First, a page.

[Top][All Lists]

[Date Prev][Date Next][Thread Prev][Thread Next][Date Index][Thread Index]

Re: [Qemu-devel] [PATCH v2 0/5] backdoor: lightweight guest-to-QEMU back

From: Anthony Liguori
Subject: Re: [Qemu-devel] [PATCH v2 0/5] backdoor: lightweight guest-to-QEMU backdoor channel
Date: Wed, 07 Dec 2011 09:48:11 -0600
User-agent: Mozilla/5.0 (X11; U; Linux x86_64; en-US; rv: Gecko/20110831 Lightning/1.0b2 Thunderbird/3.1.13

On 12/07/2011 09:23 AM, Lluís Vilanova wrote:
Anthony Liguori writes:
If you want to extend QEMU, then send proper patches.  Adding random C files to
the build is unacceptable.

What do you mean by proper patches?

If you want to add "custom functionality" to QEMU, send a patch to upstream 

See below.

The whole point of this is to ease the
process for the user to add custom guest-to-qemu interactions, so there is no
"proper implementation" here.

That's too vague as far as I'm concerned.  The only reason I can see to have a
mechanism like this is 1) to avoid pushing stuff upstream and/or 2) to
circumvent QEMU licensing by shipping a separate file that the user includes

AFAIK, GPL licensing restrictions only apply when the code is shipped in a
binary blob. If this is the case, the library is statically included in qemu, so
it must still comply with the licensing requirements of qemu. Still, take this
with a grain of salt as I'm not a licensing expert.

My motivation is more like 1 (I'll release the analyzer library I'm developing
once it's finished), but for the reasons stated below.

I see no reason to encourage either of these things.  It also creates an
inevitable problem of internal API stability.  What happens when the tree
changes and all of these "custom guest-to-qemu interactions" break?

You may claim that it's an unsupported interface, but what will actually happen
is that users will start depending on these custom features long after the
initial developer has stopped caring.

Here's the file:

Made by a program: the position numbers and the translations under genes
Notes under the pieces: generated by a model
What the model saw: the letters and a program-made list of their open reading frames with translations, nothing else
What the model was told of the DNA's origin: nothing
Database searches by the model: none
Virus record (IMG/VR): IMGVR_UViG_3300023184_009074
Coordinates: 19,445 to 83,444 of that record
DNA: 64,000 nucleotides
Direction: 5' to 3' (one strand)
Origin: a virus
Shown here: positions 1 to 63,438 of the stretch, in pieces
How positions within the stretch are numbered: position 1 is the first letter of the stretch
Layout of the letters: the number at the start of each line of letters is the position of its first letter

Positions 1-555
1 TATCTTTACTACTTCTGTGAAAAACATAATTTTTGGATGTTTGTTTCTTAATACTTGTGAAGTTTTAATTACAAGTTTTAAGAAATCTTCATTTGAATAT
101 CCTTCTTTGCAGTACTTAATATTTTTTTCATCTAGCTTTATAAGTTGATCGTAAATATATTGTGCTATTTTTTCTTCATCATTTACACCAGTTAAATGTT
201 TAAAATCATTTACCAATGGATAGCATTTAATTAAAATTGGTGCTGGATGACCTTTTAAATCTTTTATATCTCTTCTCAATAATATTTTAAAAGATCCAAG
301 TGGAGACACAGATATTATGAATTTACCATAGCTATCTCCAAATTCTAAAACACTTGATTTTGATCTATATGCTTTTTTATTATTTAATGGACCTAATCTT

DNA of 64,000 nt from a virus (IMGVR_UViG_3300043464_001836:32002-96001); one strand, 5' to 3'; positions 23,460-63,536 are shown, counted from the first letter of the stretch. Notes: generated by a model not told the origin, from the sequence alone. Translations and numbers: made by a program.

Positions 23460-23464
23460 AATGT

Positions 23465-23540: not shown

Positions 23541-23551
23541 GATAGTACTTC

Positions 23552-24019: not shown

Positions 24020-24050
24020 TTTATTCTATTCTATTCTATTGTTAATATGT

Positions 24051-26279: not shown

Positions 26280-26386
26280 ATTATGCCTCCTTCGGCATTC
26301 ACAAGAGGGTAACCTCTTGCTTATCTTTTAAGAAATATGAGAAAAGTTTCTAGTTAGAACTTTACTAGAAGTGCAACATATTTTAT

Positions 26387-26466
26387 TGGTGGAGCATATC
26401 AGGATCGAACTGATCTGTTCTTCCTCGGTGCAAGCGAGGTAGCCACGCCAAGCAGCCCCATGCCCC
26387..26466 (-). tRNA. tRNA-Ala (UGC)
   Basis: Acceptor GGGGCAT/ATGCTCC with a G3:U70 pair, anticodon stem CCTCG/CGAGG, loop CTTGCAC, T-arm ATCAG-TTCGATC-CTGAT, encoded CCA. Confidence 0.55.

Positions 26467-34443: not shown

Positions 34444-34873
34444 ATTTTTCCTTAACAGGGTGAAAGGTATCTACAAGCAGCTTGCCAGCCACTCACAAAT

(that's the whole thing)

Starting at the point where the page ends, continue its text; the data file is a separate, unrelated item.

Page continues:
Blue Swirl already mentioned this can be used for testing qemu itself, while my
use case is coupled with the trace instrumentation features (I'll probably send
the first batch today).

In terms of supporting this mechanism, all backend code needs to live in
upstream QEMU.  That's a hard requirement.  No configure flags to pull in random
C files and no dlopens.

If you resent the series doing that, it'd be more likely to be merged but since
I don't think your intention is to push backend code into QEMU, I wonder whether
it's worth really merging this mechanism at all.

If this is just infrastructure that is only used by private forks, I don't think
it belongs upstream.

Well, both backdoor and trace instrumentation are implemented using the same
approach (a static library selected at compile-time). The user sets which events
to instrument in the "trace-events" file. This has the effect that the tracetool
script will not generate the tracing functions for those events, and instead the
user must provide the implementation for these events on a static library
provided at compile time.

I don't think this is the right approach to tracing. What not just use something like SystemTap to implement logic around tracing?


The analyses one might want to perform are ad-hoc in nature. For example, some
recent work sent here did coverage analyses through ad-hoc modifications on the
core of qemu, I want to generate detailed traces of the guest code that is
executed (although only when certain conditions in the guest are met). There is
no silver bullet here, but the development of analyzers can be simplified by
letting users perform static instrumentation of the tracing events, which act as
regular tracing events otherwise.

In this environment, the backdoor is just a handy channel to let the guest
communicate with code on that analyzer library, like signalling semanticful
events of interest (e.g., I have a trivial linux kernel module that installs a
tracepoint callback in the process switch routine and passes that information
down to the analyzer library through the backdoor channel).

As these analyzes are ad-hoc in nature, I don't see any way other than providing
this extension functionality.

But the effect is that the infrastructure is useless without out-of-tree code which means it's impossible to test. Furthermore, when the ad-hoc analyzer library breaks because of an API change in QEMU, it puts us in a very difficult situation.

Does it make sense as a whole? I thought from previous mails that being able to
trace and analyze guest code was something perceived as a useful feature to have
in qemu.

I think there's wide agreement that extending tracing to guests is very useful and something we should do.

I don't think there's agreement that we should have a mechanism to pull in third-party code to implement the logic for these trace hooks within QEMU.

The right way to do analysis is via something like SystemTap.


Anthony Liguori


reply via email to

[Prev in Thread] Current Thread [Next in Thread]